Tuesday, November 24, 2009

Black Swan Green: David Mitchell

I found a hardcover edition of David Mitchell’s Black Swan Green in Wagga Wagga K-Mart selling for $7.00. I had never heard of the author or the book, but the blurb and the bargain price gave enough incentive for me to buy it.

It was after I’d finished the book that I found out that Mitchell had been twice shortlisted for the Mann Booker prize, and that this particular book had made the long list. That discovery made me wonder whether I should have liked the book more than I did.

The book wasn’t a disappointment. I DID enjoy reading it and it WAS the first book for a long time to keep my interest from beginning to end. Unlike many other books it didn’t get put aside for a lengthy period prior to finishing. But I’m not sure it was worthy of consideration for what is supposed to be one of the world’s most prestigious literary prizes.

Apart from the bargain price, what attracted me to THIS book instead of one of the others in the bargain bin? Mainly because it was about a young teenage boy growing up in the English Midlands and until I turned thirteen, I had also been a Midlands boy. Mitchell’s story about 13 year old Jason Taylor to a degree continued where my experience of English village life ended with my family’s move to Australia. Despite the 10 year gap between Jason’s time and my own there remained enough familiarity to recognise a lot of his story and environment.

The book looks at 13 months of Jason’s life at the beginning of puberty. We are not given a continuous narrative, but each chapter is like a short story of Jason's month by month experiences. Not all of these experiences are given full and immediate closure, but their outcome is revealed in hints throughout subsequent chapters. This approach is something I find appealing and has a slight similarity to Tim Winton’s technique in The Turning, where Winton used distinctly separate short stories to bring together an overall narrative linked by common characters. Mitchell’s book however maintains a more significant focus on the one person’s experience.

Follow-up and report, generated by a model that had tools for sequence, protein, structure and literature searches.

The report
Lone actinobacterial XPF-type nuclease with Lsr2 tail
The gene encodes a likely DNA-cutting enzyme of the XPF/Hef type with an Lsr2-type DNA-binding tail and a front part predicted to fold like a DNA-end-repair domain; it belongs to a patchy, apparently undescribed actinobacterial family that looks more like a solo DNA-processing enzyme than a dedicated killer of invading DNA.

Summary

Jason faces all of the usual teenage anxieties of relating with family and being accepted by peers. The book shows how fluid and changeable concerns about those relationships can be and how successful manoeuvring through those changes is often dependant upon the image someone is able to create and maintain. Jason, having a persistent stammer has an obvious disadvantage regarding his perceived place among his peers.

Reviews of Mitchell’s books mention his uses of unconventional writing styles. Black Swan Green seems like it must be more conventional than his previous works, but it still has the interesting handling of narrative continuity mentioned above. While I wasn’t completely won over by this book I’m grateful for the introduction it gave me to David Mitchell and I look forward to trying his other novels.

For more information see: blackswangreen


  1. I loved his other books, especially Cloud Atlas, and Ghostwritten but don't think I finished Number9dream. His unusual structure is a feature of his writing, and it often seems he hasn't been able to sustain a full novel, so writes in a series of interconnected short stories.

    I'd suggest Elizabeth Knox's The Vinter's Luck. A kiwi author, I think they've made a movie out of the book now, which always peeves me. Books rarely travel well between the two mediums.

    Hope you refind your love of books. First thing I look at too, other peoples bookshelves, you can tell a lot by the their book choices. An instant insight to who they are.

  2. Hi Linda,
    I've recently ordered another of Mitchell's books, but can't remember which one. I think it was Ghostwritten.
    It was a hard decision to make at the time, which I hope explains my memory lapse. In the end it more or less came down to a toss of a coin to determine which one I'd get first (except I didn't have a three sided coin so I have to take SOME responsibility for that choice, whatever it was).


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